After a day or so I happened to be on the phone with my Vet, who is a friend of mine and I asked him if this medication could cause a cloudy eye? He told me that eyes can be very tricky. He asked if it was swollen or if the eye seemed painfull?
I said no. The dog acted normal and was as always happy as a clam. He didn`t think the medication was the issue. He told me to just keep an eye on it and see if it gets better or worse or the same, which I did. Just so happens he himself was in N.D. hunting so having him see the dog was not an option.
I kept watch on the eye and the condition never really changed.
When the owner came to pick up the dog I told about the condition. He wasn`t shocked or overly concerned at that time. I told him I discussed it with my vet and was told too monitor the condition. He told me he would take the dog to his Vet in the morning. So the next day I was in my car traveling and gave him a call to check on the diagnosis. He told me the Vet squirted some saline solution or something similar into the dogs eye and the third eyelid receded and all was well. I was happy to hear there was nothing terribly wrong. Never heard another word from him until a couple of days ago.
He sends me an e-mail informing me that his vet gave the dog some ointment to put into the eye for ten days and it did nothing to help the condition. The Vet then tried some other type of ointment for ten days and still not better. So they decide 25 days later that the dog should go to the UW vet clinic in Madison for a diagnosis. The UW says that the dog has a detatched retina and the eye would need to be removed.
He then goes on too tell me, basically that I dropped the ball and this was all my fault. He thinks one of my 40lb Vizsla females caused this by clawing the dogs eye or sudden impact, like one of my dogs can box. He felt that I should pay for this operation, and give him his money back for the time of boarding. This would be approximately $1500 total.
NEVER did he or his Vet think that the dog may have had a seizure and hit its head on something. NEVER did he mention that his vet misdiagnosed the situation for over 25 days.
I don`t know if he is going to sik his lawyer on me or not at this time. But just want to let you know that this is the kind of stuff you deal with in this type of business.
The dogs are usually fine, it is the people that make it not worth it sometimes.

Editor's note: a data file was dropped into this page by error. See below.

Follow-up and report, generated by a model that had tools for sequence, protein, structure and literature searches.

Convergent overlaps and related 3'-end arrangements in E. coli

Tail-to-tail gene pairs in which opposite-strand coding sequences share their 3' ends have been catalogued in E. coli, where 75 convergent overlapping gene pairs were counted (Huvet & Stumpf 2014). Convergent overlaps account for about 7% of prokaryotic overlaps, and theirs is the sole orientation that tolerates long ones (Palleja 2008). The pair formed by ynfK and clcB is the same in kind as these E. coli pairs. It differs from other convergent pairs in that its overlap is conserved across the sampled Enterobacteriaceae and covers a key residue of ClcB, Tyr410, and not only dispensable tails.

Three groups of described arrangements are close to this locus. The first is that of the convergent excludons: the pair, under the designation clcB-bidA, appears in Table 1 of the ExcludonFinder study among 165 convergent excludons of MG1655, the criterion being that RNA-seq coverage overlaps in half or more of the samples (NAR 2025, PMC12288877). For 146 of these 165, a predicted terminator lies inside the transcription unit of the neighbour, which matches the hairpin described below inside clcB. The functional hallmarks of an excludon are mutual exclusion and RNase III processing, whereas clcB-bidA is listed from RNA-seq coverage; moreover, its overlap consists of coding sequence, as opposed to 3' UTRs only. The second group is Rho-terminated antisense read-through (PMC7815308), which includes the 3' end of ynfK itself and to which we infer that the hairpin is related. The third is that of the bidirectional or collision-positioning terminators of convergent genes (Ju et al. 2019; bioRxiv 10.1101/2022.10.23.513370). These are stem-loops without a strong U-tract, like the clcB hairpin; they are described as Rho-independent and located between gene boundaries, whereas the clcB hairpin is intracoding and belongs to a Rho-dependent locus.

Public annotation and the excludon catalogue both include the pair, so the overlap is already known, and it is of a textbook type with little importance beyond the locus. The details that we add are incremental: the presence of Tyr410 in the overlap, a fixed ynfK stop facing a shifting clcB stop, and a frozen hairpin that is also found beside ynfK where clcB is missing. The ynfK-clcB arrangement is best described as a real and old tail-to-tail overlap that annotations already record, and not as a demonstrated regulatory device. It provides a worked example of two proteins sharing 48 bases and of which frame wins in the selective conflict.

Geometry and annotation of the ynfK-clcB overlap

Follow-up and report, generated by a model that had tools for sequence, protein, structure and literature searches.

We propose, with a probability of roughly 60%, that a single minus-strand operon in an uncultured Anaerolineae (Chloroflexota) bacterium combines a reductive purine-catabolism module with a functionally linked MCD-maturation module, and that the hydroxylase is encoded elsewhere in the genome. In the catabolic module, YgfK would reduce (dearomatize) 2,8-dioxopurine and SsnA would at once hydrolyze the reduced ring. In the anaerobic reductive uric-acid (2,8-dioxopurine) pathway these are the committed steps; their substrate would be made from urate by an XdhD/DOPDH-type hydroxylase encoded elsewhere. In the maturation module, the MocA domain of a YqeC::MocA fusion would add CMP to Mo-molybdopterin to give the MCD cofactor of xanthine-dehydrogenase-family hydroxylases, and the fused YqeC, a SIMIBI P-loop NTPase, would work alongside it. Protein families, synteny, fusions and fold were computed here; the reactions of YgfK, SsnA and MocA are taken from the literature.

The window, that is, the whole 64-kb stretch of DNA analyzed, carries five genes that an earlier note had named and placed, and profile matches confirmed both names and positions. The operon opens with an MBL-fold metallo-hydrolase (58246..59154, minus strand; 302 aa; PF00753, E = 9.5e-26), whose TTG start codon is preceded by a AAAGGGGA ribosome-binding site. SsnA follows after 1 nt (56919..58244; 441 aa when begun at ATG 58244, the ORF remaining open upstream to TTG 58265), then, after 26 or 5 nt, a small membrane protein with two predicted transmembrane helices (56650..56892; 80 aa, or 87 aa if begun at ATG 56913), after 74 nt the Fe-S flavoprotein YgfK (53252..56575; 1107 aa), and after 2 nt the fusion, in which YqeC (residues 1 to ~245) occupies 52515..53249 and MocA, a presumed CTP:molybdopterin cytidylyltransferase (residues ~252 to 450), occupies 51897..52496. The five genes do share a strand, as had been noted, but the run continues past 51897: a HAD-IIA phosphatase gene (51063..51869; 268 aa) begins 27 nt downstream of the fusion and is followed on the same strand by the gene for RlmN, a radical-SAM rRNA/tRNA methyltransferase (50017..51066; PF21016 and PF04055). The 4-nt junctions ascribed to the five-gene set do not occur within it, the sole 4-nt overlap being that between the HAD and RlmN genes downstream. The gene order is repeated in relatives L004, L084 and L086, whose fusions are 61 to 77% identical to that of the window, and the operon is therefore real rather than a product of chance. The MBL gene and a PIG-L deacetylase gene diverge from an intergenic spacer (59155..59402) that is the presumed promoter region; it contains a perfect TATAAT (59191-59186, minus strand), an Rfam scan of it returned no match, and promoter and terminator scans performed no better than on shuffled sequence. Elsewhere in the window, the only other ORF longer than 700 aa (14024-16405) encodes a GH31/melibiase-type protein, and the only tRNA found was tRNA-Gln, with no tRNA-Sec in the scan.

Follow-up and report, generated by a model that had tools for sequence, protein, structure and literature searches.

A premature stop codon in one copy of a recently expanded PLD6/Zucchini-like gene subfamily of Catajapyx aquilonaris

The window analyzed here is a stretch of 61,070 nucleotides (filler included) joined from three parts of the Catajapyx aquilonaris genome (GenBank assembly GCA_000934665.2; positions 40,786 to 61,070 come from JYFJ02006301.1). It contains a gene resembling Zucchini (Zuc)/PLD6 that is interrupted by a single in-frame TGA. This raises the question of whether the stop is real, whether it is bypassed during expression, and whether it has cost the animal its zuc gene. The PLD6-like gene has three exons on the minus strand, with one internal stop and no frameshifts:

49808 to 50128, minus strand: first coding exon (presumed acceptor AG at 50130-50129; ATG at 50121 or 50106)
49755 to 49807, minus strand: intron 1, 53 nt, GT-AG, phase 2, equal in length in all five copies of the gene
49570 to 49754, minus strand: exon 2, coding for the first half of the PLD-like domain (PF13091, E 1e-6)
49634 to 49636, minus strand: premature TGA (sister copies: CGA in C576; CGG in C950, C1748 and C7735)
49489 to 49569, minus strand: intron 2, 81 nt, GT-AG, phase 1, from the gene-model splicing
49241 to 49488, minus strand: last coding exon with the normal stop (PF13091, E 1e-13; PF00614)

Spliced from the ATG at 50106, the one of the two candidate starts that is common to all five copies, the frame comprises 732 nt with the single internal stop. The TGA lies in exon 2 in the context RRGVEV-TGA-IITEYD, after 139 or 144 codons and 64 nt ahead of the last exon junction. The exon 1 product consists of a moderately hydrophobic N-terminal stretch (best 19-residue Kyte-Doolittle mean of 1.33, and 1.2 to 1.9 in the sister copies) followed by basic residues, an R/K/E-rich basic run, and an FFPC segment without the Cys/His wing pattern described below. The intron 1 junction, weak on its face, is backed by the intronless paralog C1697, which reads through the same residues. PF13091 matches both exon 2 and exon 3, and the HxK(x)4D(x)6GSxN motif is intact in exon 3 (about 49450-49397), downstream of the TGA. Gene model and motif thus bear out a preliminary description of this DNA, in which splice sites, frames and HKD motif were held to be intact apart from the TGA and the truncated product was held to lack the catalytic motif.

Be careful what you wish for. :?

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ultracarry
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Re: Starting a Business..

Post by ultracarry » Sat Dec 10, 2011 10:21 am

That's small claims court stuff. Don't worry about a lawyer view you can't have one (at least in Ca). Good luck with the whole situation thought.

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Re: Starting a Business..

Post by GUNDOGS » Sat Dec 10, 2011 10:48 am

Vman wrote:Jesse and others that may think this a dream job. First off let it be known that in my previous life I was a Toolmaker for 25 years. I enjoyed the work but it was a poor way to make a living. I would not go back into a shop for nothing unless I owned it. I have had pointing dogs for over 25 years and trained many dogs before I started this business. I am an independent cuss and enjoy working for myself. I enjoy the dogs that come here for training and boarding. I enjoy helping people with their dogs and many times work for free. I enjoy helping others out. It was how I was raised and my folks are the same way and that is where I get it from. I grew up on a dairy farm and learned early in life what a days work is. I am good with animals and that certainly helps in this business.
With that being said, what I am about to write is not complaining, just an example of what you can expect.
Recently I had a customer bring in his dog for boarding. This dog is a very nice dog that I trained steady to shot. I enjoy this dog and the owner is a nice guy and it seemed we enjoyed each others company. The dog is now 2 years old and he informed me that it would need phenobarbital because the dog has been having epileptic seizures. Just so happens he bought this dog from a Vet that doesn`t have a clue about breeding but may know something about making money. The customer was going on a big game hunting trip with the Vet. He told me he was going to be out of touch and of course use my best judgement in case of emergency. Standard operating procedure here.
I noticed that the dog had a cloudy eye when he arrived but did not think much of it. We got talking about his upcoming trip and hunting and because this dog lives in the house with him I just assumed he noticed it also. He leaves and I check the eye several times per day to see if it is getting better or worse all the time wondering if it has something to do with the phenobarbital.
After a day or so I happened to be on the phone with my Vet, who is a friend of mine and I asked him if this medication could cause a cloudy eye? He told me that eyes can be very tricky. He asked if it was swollen or if the eye seemed painfull?
I said no. The dog acted normal and was as always happy as a clam. He didn`t think the medication was the issue. He told me to just keep an eye on it and see if it gets better or worse or the same, which I did. Just so happens he himself was in N.D. hunting so having him see the dog was not an option.